I mention this as I left a similar box with the in-laws on our last visit and implore them to bring it with them on their next trip out here.  I'll upgrade it and soon they too will be able to watch dozens of TV series and films at the touch of a button without any fuss or difficulty.

You will be so impressed and all you need is a reasonable wi-fi connection.


Leaking batteries.

** Spoiler Alert **

If you don't want to know anything more about the film "THe Lady in the Van", look away now. If you are happy to have an insight, this is a well written re-view from IMDb:

Dame Maggie as another cranky old bird
20 November 2015 | by davidgee (United Kingdom) – See all my reviews
At the bottom of the poster it says: 'This is a mostly true story.' Nicholas Hytner directs a 'revisionist' take on Miss Shepherd, the tramp-like old biddy who parked her van in Alan Bennett's front drive for a few weeks that turned into 15 years. The movie version fleshes out her story with glimpses of her past (a convent, a piano recital, a family feud, a fatal accident) which the narrator (one of the two Alan Bennetts played by Alex Jennings) tells us he only found out after she died.

A woman in front of me whispered to her companion, who wondered why Alan Bennett had a twin, that he actually had a split personality. That's not a bad explanation for the device of the householder Alan who puts up with Miss Shepherd (and clears her mess from his drive) and the writer Alan who doesn't think there's a story in this. I'm not sure that the double-act is entirely effective or necessary: a voice-over from the real Alan would have worked just as well, wouldn't it?

Despite the attempts to give the Lady a life before the Van, the screenplay is more revealing about the playwright, the reluctant Samaritan who is also having to deal with his northern mother's journey down the road to dementia. There are even a few references to the fact that Mr Bennett's sexuality was being questioned for many years before he finally outed himself.

The movie has more pace than the book and the play did. Maggie Smith is of course simply magnificent, fully absorbed into the grimy skin of this unlovable old harridan. Her performance is pitched midway between the Duchess of Downton and Muriel from the Marigold Hotel, although the character preposterously blends Hyacinth Bucket with Victor Meldrew. The 'History Boys', who largely owe their careers to Mr Bennett, pop up in a series of cameos, along with Frances de la Tour and Stephen Campbell-Moore from the same play. Jim Broadbent's scrounger is the least convincing presence and is perhaps mostly untrue.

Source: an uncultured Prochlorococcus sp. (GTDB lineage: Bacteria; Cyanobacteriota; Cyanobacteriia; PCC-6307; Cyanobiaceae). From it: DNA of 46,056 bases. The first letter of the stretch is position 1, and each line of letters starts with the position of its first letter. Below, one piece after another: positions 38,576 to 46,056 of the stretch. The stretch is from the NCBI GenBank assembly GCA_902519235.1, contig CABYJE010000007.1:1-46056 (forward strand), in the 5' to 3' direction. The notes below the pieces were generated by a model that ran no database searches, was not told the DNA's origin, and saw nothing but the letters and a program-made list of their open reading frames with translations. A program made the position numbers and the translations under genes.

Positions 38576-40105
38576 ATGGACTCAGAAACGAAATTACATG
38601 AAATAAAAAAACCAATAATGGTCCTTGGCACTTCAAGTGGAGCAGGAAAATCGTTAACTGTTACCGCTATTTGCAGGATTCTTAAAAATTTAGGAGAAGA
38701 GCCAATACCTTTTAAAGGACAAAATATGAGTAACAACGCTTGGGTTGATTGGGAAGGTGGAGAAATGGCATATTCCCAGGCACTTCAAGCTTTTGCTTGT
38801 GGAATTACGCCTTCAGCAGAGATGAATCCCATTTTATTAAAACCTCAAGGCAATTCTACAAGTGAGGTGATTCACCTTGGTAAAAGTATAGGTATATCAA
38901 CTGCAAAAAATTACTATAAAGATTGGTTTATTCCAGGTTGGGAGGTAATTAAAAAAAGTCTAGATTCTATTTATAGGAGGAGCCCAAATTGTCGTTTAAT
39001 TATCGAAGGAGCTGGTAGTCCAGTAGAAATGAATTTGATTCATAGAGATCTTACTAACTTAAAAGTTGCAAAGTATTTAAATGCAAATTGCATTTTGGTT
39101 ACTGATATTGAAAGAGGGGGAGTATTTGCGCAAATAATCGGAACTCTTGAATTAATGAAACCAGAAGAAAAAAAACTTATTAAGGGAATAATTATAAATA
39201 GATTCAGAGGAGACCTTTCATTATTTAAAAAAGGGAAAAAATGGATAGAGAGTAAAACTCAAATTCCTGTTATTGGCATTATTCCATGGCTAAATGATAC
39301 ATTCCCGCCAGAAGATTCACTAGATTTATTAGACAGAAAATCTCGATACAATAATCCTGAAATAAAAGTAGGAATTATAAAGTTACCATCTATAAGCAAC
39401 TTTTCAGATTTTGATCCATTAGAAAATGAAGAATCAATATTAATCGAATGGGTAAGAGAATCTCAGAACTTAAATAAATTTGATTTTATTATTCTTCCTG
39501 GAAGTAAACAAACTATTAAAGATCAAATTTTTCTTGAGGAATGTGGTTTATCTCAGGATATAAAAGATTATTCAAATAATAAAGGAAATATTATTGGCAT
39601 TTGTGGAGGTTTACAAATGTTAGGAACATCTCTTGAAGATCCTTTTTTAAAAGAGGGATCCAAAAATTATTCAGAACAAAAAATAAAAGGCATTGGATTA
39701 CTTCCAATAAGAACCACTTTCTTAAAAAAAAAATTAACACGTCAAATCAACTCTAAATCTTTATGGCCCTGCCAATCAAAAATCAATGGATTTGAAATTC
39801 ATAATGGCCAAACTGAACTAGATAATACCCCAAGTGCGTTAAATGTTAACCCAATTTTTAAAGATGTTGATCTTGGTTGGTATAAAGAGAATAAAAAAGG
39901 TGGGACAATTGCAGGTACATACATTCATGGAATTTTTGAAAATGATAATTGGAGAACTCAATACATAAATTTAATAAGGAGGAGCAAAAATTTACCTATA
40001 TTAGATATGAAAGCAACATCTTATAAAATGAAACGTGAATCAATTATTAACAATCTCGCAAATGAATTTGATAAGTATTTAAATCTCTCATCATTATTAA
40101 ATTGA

This looks like being another highly competitive year for Oscars and BAFTAs, but Dame Maggie is certain to be a contender and could well be a winner. THE LADY IN THE VAN is not pitch-perfect in the way that THE HISTORY BOYS was (and the first - best - MARIGOLD HOTEL), but it is another master-class exemplar of British writing, acting and film- making.

The Lady in the Van

Been meaning to catch up with this film for a number of weeks now and finally got around to it yesterday.  What a gem.

It took a little while to twig that the main character (outside of the van lady/Maggie Smith) was indeed Alan Bennet, rather well portrayed by Alex Jennings but it didn't detract from this wonderful movie.

I won't offer any spoilers but will point out this was based on a true story and that Mr Bennet has got to be one of the most beautiful human being with such a big heart.

It restores faith in humanity and I spent the rest of the day just smiling and happy.

A top notch Brit cast, with equally sparkling dialogue and direction, this film will whizz past and you will enjoy every moment.  ktelontour well recommended.

Google is Your Friend

Ta to wiki:

"Many happy returns" is a greeting which is used by some on birthdays, and by others in response to "Merry Christmas" and "Happy New Year ." The term itself refers to the passing year. Since the 18th century this has been used as a salutation to offer the hope that a happy day being marked would recur many more times. It is now primarily used, by some, on birthdays. Prior to the mid-19th century, it was used at any celebratory or festive event. The phrase is more common in British English and Indian English than in Canadian English or American English.